The mission of The Beecher’s Foundation is to build a better food future for all. To make this happen, they offer programs for both youth and adults, educating and inspiring people to eat real food and vote with every food dollar.
Their Pure Food Kids Workshop is a no-cost, commercial-free food education class for 4th and 5th graders that is learning standards-aligned. The program is free to all schools in the Puget Sound and New York City-area (public, private, charter) and prepares students to become “Food Detectives” equipped with the tools to read labels, understand how ingredient lists are ordered, see through marketing messages, and cook from scratch. So far, more than 160,000 have participated in the program, with 36% reporting that it helped make lasting changes to the food they eat.
To date, more than 160,000 students have completed the program. A full year after completing the program, 36% report having made lasting changes to the food they eat.
We asked Sara Billups, Director of Communications and Public Affairs at The Beecher’s Foundation, for her insights into educating kids about food, getting them involved in cooking, helping them expand their palettes and why Monday is a great day to get on a healthier track.
Why is it important for children to be involved in cooking and preparing food?
We know that about one in three children and teens living in the United States are overweight or obese, and that big food spends billions each year marketing food to our kids in schools and on screens and billboards. Families taking control of mealtime by planning, cooking, and eating together doesn’t just build strong lifetime habits, but pushes back against an industry promoting overly processed food to kids.
Why is Monday a good day to cook and eat meals together?
We talk all the time about starting small and making incremental changes to shopping and eating that can make a big impact on overall health. Choosing a day of the week (Monday is a great one!) to plan and eat together translates to 52 days a year of eating and being together. Just one day a week really adds up!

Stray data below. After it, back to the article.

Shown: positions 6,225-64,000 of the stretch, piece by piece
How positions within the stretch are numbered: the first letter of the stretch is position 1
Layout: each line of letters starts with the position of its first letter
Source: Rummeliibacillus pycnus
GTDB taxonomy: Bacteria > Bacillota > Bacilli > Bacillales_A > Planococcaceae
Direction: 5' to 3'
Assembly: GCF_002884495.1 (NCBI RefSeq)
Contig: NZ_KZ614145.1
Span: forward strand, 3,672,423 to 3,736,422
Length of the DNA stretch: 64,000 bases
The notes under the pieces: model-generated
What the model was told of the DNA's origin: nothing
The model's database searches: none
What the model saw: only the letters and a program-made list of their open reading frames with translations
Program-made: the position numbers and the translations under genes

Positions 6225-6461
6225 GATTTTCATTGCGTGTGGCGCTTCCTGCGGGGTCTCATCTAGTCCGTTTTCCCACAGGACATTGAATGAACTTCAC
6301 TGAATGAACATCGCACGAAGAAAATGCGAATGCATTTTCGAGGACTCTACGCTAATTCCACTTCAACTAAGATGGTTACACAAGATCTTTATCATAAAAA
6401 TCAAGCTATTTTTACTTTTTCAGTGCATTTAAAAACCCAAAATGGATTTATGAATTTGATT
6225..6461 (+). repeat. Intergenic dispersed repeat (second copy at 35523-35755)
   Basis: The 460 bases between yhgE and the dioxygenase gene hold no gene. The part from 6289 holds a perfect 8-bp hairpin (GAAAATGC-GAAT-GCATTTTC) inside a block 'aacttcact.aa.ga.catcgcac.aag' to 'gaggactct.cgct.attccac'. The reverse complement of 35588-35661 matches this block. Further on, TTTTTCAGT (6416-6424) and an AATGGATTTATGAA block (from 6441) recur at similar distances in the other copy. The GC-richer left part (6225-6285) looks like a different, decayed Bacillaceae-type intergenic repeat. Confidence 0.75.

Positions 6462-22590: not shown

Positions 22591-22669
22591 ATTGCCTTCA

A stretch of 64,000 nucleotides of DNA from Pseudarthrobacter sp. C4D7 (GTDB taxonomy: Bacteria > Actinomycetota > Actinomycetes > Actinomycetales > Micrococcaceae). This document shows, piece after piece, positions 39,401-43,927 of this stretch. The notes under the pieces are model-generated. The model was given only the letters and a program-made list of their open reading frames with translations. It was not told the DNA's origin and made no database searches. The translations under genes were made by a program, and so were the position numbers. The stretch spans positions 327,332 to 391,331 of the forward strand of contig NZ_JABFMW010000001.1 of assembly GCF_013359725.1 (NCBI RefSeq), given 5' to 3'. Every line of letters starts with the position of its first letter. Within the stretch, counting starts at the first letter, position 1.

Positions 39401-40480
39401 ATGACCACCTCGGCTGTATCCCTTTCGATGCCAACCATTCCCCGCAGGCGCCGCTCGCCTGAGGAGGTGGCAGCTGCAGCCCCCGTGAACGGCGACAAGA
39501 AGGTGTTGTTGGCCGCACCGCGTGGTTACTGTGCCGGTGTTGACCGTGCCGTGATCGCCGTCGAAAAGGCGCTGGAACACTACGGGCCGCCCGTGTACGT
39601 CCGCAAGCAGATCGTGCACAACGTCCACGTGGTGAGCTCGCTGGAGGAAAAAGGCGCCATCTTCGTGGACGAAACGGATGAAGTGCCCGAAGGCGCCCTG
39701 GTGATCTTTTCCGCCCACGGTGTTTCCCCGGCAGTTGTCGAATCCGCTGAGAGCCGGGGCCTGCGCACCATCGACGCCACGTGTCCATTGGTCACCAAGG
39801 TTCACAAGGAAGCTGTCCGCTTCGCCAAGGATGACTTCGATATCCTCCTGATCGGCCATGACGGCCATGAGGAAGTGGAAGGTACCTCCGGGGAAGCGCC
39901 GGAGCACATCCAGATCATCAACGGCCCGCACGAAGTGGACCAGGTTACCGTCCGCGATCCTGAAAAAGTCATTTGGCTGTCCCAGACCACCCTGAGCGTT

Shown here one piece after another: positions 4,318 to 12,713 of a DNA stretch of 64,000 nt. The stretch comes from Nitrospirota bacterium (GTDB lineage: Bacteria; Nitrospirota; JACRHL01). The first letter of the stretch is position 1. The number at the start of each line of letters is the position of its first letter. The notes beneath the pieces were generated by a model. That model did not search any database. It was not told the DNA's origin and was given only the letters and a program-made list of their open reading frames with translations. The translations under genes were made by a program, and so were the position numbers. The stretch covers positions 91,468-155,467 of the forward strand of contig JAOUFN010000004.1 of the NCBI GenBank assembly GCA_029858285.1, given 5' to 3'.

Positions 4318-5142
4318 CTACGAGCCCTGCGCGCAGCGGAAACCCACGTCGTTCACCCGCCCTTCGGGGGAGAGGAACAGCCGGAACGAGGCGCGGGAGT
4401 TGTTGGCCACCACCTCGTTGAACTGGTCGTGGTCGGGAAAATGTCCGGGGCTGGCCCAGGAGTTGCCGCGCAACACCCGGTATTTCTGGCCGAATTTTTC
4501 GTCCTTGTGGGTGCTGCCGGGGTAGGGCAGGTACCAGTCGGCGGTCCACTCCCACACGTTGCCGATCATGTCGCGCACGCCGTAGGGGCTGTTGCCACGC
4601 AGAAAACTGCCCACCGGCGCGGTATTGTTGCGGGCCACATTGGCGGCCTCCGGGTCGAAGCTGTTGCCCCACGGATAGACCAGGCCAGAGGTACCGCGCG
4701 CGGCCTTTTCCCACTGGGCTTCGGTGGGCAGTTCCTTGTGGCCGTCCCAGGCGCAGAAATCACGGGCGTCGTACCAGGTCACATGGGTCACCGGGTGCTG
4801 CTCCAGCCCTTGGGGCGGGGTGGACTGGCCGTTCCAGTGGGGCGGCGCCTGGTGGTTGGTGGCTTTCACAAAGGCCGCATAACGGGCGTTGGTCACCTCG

What is your approach to picky eaters to make sure they are eating nutritious meals?
We know that when kids learn to cook, they become more curious and willing to try ingredients along the way. Maybe some kids won’t devour mixed vegetables over millet, for example, but when they’re using plastic knives to cut red pepper or adding cumin and salt to season a grain, they’re more likely to sneak tastes. Slowly, cooking gets picky kids more comfortable with a plate full of flavors, colors and textures.
How does learning about where food comes from and ingredients contribute to kids eating healthier?
For us, it’s just as important for a kid to walk into a corner store and know to choose a bag of potato chips made with simple ingredients like oil, potatoes, and salt instead of chemicals. It may not be a farmer’s market apple, but it’s a big step to improving individual health and our overall food system.
What are some tips you have for families during the busy back-to-school season?
We talk about a lot of strategies for busy families that really just require a small amount of planning. Try batch cooking on Sunday, and freeze everything. We have a handy meal guide for families that like to plan for a whole week. To give parents a little kid-led inspiration, we have a kids meal planner that lets young eaters circle foods they like or might like to try.
What is your favorite kid-friendly classroom recipe?
Our vegetable chili! There’s a magic moment at the end of our Pure Food Kids workshop when students cut veggies and measure spices to make a vegetable chili right in class. Sometimes kids wrinkle their noses at ingredients like stewed tomatoes or cilantro, but they almost always try — and love! — the finished recipe, often making it at home for their family.